(Image credit: Square Enix)

There are more surprises besides, though. A major plot point some way into the game sees the threat level raised significantly as giant creatures, a super-boss motif of the series known as Weapons, march into the overworld and heighten the drama of the closing act. They’re also incredibly hard to kill, in the case of the Ruby and Emerald Weapons. Kitase explains why the team opted to do this: “In all Final Fantasy games, we always put in very powerful monsters in the latter parts of the game to challenge dedicated players and to deepen the gameplay experience, enhancing the longevity of the title and giving something to do aside from the main quest. We had already got the concept of the Weapons as defenders of the planet for FF7 and so decided to tie that together with these play-enhancing features.”

I ask Kitase about the Final Fantasy 7 team’s dynamic at the time, and how that affected development of the game. “Before FF7 we only really had 2D pixel art designers, but for this project many 3D CG specialists and designers came in from outside the company, leading to an interaction of various working cultures that was very stimulating,” he says. “All the in-house designers also started to learn to use CG tools, and we held a lot of seminars and explanation meetings. I personally received instruction in how to use Alias PowerAnimator, and around a tenth of all the character motions seen in the game’s event scenes were actually created by me!”

I had to ask Kitase if anything major changed in development – and, as it happens, Squaresoft seemingly had a strong vision of what Final Fantasy 7 was, with only one change that fans will definitely have noticed. “The only thing that we had to change during development was the level of deformation on the characters. The fact that the characters are depicted at different levels of deformation in the field, battle and CG sections is a remnant of these changes.” Whereas field characters ended up being blocky 3D models, the characters in battle had far more detail. As Kitase mentions, too, you can see this difference in CG movies – some depict the characters in blocky form, while others, like Sephiroth before the flames of Nibelheim, are more impressively realised. 

Embracing 3D

(Image credit: Square Enix)

The locations have really well in the PSone-era Final Fantasy games, thanks to the heavy use of pre-rendered backgrounds. Yet part of Final Fantasy 7’s appeal to long-time fans was the introduction of a fully 3D world map. Despite the cinematic touches present in other parts of the experience, the world map was seen as an updated version of the SNES overworld. “This part of the game was not actually all that much of a challenge,” says Kitase. “It goes without saying that, at the time, creating data for a 3D map was hard work, but for better or worse we decided to do the map along pretty similar lines to a 2D world map from the Final Fantasy games of the Super Famicom era, so there were not a lot of problems with the overall vision.”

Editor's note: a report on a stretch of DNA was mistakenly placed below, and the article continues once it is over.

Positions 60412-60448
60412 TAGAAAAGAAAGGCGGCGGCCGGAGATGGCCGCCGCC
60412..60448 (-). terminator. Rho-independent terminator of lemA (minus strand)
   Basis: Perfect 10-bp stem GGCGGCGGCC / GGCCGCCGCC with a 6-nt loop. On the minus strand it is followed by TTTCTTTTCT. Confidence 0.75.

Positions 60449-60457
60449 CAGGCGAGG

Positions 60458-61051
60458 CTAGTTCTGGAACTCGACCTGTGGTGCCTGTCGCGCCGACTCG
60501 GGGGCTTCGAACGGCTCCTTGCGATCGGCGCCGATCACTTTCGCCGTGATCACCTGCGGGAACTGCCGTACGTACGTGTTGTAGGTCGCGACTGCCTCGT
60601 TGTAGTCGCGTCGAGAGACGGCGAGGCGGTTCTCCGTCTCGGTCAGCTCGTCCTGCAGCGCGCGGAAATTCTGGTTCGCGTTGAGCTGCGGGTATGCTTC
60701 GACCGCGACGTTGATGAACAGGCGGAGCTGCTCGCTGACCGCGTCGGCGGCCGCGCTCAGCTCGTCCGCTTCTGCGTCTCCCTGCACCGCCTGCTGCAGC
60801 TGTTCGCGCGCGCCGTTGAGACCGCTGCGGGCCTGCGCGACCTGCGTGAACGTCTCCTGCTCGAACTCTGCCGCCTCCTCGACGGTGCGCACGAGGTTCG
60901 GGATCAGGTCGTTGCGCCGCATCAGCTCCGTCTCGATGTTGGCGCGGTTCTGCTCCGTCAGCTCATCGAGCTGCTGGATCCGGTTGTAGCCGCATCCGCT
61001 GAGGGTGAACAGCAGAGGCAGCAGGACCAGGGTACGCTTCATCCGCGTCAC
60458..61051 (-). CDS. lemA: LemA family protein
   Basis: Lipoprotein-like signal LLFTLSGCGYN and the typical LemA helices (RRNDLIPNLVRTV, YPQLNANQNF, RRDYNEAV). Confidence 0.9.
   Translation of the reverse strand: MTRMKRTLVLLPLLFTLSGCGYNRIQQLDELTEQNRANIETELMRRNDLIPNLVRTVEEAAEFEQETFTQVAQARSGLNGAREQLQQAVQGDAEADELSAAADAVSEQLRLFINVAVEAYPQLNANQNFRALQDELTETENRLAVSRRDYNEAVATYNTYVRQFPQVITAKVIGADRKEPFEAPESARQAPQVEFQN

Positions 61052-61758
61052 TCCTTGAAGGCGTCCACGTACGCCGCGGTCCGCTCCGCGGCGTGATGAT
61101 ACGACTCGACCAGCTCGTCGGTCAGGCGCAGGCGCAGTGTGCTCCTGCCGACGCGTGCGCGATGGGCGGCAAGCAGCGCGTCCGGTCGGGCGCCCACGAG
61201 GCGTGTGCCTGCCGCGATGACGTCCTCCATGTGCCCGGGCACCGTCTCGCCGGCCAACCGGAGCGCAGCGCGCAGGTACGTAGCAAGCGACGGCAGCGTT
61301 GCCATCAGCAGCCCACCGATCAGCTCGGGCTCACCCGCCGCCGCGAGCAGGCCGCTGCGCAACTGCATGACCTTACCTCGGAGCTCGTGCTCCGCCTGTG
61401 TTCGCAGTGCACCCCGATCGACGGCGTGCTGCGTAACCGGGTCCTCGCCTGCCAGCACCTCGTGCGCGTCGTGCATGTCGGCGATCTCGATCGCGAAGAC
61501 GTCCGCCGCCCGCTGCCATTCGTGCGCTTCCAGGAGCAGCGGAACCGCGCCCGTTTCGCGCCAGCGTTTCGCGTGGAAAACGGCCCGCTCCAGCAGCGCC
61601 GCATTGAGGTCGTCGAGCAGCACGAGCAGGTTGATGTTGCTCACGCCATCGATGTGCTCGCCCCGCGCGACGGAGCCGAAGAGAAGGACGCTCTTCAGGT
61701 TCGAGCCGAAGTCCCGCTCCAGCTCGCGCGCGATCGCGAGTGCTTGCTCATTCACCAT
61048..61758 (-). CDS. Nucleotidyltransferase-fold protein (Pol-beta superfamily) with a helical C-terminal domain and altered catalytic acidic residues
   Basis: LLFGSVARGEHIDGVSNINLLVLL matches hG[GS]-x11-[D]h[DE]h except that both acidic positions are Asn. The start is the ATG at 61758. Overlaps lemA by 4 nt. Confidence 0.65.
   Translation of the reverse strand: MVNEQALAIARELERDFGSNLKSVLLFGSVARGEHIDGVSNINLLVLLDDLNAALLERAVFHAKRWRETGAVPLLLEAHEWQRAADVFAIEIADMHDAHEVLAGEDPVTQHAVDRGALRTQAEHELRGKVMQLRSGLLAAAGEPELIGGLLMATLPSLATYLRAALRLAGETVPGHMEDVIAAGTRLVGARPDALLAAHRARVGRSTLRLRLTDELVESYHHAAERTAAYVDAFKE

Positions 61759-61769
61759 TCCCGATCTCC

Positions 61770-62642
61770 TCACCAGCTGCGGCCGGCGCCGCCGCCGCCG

Instead, the team had to spend more time worrying about the individual locations themselves, which were significantly more detailed with the generational leap. “It was actually a lot harder and took much more work realising the fully rendered backdrops for the towns and dungeons, as nothing like these had ever been done before at the time. Having said this, the world map in Final Fantasy 7 did play a very important role in the game. After the first part, which is spent in the oppressive and cramped environment of Midgar, the feeling of liberation and freedom at the moment when you step out onto the world map is one of the game’s most memorable highlights.”

Random battles would remain part of the series, but as directed by the SIGGRAPH presentation, the actual look of them marked an exciting leap between generations. “We had decided on the idea of battles in 3D, with the camera panning and zooming around the action, from before beginning development on Final Fantasy 7. In 1995, we created a prototype game based on doing the battles from FF6 in 3D and showcased it at the SIGGRAPH convention that year. This test game was made with an eye to perfecting the idea for the battles in Final Fantasy 7.” With the endlessly customisable Materia-based ability system as well as visually extravagant Limit Break attacks, combat is where Final Fantasy 7 really shined as an RPG.

Series composer Nobuo Uematsu returned for Final Fantasy 7, and he made for an easy collaborator. “We basically just showed Mr Uematsu the character designs and the scenario, and had him familiarise with the overall themes and images of the game before letting him loose. There were no specific detailed requests, and he was allowed to create the score comparatively freely,” says Kitase.

Final Fantasy 7 Remake

(Image credit: Square Enix)

There’s always been talk of a Final Fantasy 7 Remake, but players are setting themselves up for disappointment to an extent. Final Fantasy 7 was very much a product of the CD-ROM era, and everything was built on that foundation – bringing all of that back to life in the era of HD graphics would surely be a monumental challenge. We don’t have long to wait now to see just how true that is. 

Still, the desire for Square Enix to revist the game is a testament to players’ attachment to this world, to these characters, and to the themes of identity, life and death that the story successfully explores. Final Fantasy 7 was so many players’ first step into the world of RPGs – that’s why it still has a special place in their hearts. On April 10, 2020, we’ll see whether the long-awaited Final Fantasy 7 Remake (opens in new tab) has been worth the wait, and whether this genre-classic can truly stand the test of time.